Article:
Obsolete Media pt. 3, in which Christmas comes early

Yes indeed! The mystery DATs were the master recordings from the 7pm and 9:30pm performances of the Virginia Glee Club 57th Annual Christmas Concert! Notable as the Glee Club’s first Christmas performances with conductor Bruce Tammen, the unedited tapes include the full range of a Glee Club Christmas, including audience carols, the eternal struggle between the Four Calling Birds and Three French Hens during the “Twelve Days of Christmas,” solo performances by Jayson Throckmorton, Craig Fennell, Eric Buechner and Bill Bennett, and some seriously moving renditions of favorites like the Gretchaninoff “Nunc Dimittis” and the Biebl Ave Maria. To say nothing of riveting announcements by Glee Club president Drew Cogswell.

I’m going to try to make the whole concert available somehow, but for now here’s a teaser: Club’s performance of the Marvin V. Curtis arrangement of “Go Tell It On the Mountain” from the 7pm show. Enjoy!

Adventures in obsolete audio, pt. 2: not there yet

I had hoped to do a “big reveal” post on the contents of the DAT tapes I wrote about a few days ago. Instead, I have a few learnings about DAT players.

First, DAT players are more like VCRs than cassette tape players. Instead of moving the tape past a playback head, DATs (and VCRs) wind the tape around the playback head. This happens even when you are rewinding the tape.

Second, rewind is a little more complicated on a DAT and sometimes the player can stop the rewind. If you just press rewind again, sometimes the player gets confused. Then if you go to eject the tape, you’ll end up with the tape partly pulled out of its case.

Third, you can re-spool DAT tape with a pencil, but it’s slightly more complicated. You first have to push the tabs down on the bottom of the tape and slide the bottom back so that you can get to the sprockets, then use the tip of a pencil to do the rewinding. (You can’t push the pencil all the way through thanks to the clear plastic on the other side of the tape, meaning it’s a slower process.)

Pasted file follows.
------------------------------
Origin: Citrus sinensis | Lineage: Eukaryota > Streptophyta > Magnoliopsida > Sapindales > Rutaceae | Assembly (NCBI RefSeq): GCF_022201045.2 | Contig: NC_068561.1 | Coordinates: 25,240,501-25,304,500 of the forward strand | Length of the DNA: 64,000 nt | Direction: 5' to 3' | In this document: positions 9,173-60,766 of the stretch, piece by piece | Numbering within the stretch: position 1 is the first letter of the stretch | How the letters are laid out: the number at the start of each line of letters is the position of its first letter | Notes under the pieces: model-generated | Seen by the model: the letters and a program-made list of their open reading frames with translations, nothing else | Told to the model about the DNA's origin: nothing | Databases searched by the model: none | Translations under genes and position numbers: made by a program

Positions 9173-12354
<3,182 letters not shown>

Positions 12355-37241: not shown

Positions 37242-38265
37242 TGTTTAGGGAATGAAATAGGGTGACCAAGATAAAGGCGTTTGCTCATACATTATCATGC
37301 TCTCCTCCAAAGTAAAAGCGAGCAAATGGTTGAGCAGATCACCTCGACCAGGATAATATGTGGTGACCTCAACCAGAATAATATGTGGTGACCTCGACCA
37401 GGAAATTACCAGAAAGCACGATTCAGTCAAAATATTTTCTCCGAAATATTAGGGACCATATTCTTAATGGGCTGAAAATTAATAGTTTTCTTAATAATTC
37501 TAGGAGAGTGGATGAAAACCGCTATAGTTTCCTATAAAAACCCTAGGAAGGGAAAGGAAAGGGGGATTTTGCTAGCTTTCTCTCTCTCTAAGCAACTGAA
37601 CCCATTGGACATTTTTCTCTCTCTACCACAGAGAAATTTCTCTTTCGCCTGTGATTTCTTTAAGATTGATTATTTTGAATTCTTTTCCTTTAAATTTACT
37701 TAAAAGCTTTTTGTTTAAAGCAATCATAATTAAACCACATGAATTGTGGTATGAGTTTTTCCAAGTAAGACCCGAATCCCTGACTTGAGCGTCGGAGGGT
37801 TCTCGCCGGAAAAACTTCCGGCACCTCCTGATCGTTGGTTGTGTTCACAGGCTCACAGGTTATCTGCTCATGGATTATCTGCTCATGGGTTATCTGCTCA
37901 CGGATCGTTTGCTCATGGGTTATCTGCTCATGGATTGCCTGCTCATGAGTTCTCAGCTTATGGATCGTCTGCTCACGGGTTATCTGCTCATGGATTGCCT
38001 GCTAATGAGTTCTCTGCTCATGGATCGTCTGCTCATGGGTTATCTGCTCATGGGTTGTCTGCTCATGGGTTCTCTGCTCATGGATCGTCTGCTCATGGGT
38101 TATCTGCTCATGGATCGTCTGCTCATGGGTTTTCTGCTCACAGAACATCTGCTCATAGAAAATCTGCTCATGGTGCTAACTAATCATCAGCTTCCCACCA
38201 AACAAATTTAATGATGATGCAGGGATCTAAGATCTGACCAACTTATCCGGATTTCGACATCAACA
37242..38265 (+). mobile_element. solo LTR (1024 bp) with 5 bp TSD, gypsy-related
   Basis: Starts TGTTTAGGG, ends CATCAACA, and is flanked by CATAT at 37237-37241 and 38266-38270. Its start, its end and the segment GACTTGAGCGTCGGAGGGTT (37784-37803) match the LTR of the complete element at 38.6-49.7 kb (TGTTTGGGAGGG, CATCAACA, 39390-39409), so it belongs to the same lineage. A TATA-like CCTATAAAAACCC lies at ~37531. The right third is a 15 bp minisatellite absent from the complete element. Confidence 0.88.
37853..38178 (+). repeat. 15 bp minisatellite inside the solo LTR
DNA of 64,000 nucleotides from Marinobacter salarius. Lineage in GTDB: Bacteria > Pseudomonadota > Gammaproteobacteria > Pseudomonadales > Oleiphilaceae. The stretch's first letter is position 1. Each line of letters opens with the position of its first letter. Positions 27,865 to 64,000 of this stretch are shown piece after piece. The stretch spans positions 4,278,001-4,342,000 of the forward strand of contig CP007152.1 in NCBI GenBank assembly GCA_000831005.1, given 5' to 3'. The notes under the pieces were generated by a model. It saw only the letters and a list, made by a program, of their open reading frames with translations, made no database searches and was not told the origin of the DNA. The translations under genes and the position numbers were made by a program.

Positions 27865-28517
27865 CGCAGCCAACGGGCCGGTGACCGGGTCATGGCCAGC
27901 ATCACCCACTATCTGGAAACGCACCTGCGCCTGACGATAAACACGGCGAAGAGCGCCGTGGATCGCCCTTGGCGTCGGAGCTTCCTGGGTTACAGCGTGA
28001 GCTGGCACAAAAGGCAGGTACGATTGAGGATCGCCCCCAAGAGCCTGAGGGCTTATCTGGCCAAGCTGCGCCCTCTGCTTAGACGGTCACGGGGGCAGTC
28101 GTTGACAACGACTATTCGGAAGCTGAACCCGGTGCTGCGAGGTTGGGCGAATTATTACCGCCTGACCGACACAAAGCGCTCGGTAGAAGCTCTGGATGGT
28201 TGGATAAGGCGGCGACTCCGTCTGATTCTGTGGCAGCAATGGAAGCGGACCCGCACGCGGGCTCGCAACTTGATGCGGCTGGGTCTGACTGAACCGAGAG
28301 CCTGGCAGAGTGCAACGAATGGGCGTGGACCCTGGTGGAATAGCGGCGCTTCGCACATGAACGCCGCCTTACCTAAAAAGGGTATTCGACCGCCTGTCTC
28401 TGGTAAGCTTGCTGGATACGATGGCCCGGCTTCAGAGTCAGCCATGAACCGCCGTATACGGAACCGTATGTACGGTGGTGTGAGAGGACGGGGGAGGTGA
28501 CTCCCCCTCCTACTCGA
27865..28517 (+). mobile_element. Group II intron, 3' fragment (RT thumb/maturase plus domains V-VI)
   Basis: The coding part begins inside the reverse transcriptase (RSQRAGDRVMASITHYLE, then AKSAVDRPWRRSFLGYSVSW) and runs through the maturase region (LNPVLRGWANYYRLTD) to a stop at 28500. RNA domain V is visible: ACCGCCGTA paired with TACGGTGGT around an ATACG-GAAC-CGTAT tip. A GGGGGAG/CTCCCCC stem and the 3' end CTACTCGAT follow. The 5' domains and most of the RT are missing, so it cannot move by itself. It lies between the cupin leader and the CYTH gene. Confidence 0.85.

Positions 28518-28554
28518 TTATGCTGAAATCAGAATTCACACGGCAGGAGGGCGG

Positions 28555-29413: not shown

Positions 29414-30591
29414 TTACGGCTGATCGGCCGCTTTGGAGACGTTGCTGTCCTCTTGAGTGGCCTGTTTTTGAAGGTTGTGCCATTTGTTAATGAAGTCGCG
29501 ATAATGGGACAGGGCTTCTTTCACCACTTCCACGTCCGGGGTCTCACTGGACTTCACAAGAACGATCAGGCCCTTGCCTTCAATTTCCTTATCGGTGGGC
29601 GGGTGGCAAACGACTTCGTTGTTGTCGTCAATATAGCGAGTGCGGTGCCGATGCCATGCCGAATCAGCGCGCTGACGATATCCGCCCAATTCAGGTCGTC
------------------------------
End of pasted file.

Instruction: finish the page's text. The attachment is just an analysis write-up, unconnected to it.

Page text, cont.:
All of this is to say I’ll be able to hear everything on these DATs, once I figure out how to safely rewind them.

UPDATE: It turns out to be a pretty simple proposition. The player was stopping the rewind because the spools weren’t operating smoothly after more than 20 years of inactivity. The fix, as suggested by this paper on DAT preservation by an intern at the Smithsonian Institution Archives, is simply to fast-forward the tape to the end, and then to rewind it to the beginning. We’ll have audio soon!

Adventures in Obsolete Audio, part 1

Sometimes life moves faster than even the makers of cutting edge technology can predict. This is certainly true for computer technology. It can be hard to realize, but the same is true for audio technology —the vinyl revival notwithstanding.

Case in point: Digital Audio Tape.

Remember DAT? If you were a consumer of music in the 1990s, probably not. But if you were a performer, especially in a small ensemble, you probably remember that one guy who had the DAT recorder. They seemed, for that small market, ubiquitous. All the small form factor of a cassette—but digital! Boy, you can almost smell the early ’90s, can’t you?

So what happened? In retrospect, the window between the advent of digital recording technology and convenient, low cost, high-capacity hard disk and solid state storage was pretty short. And DAT disappeared. As far as I can tell, no one is manufacturing the player/recorders any more. You can still find them on eBay, commanding a small premium.

Which is why I was grateful that my friend in the Tanglewood Festival Chorus, Lauren, had saved one in her attic. And it works! Now I can listen to what’s on those four mysterious DAT tapes that I’ve had for six years.

What tapes? Well, that’s a story for another day.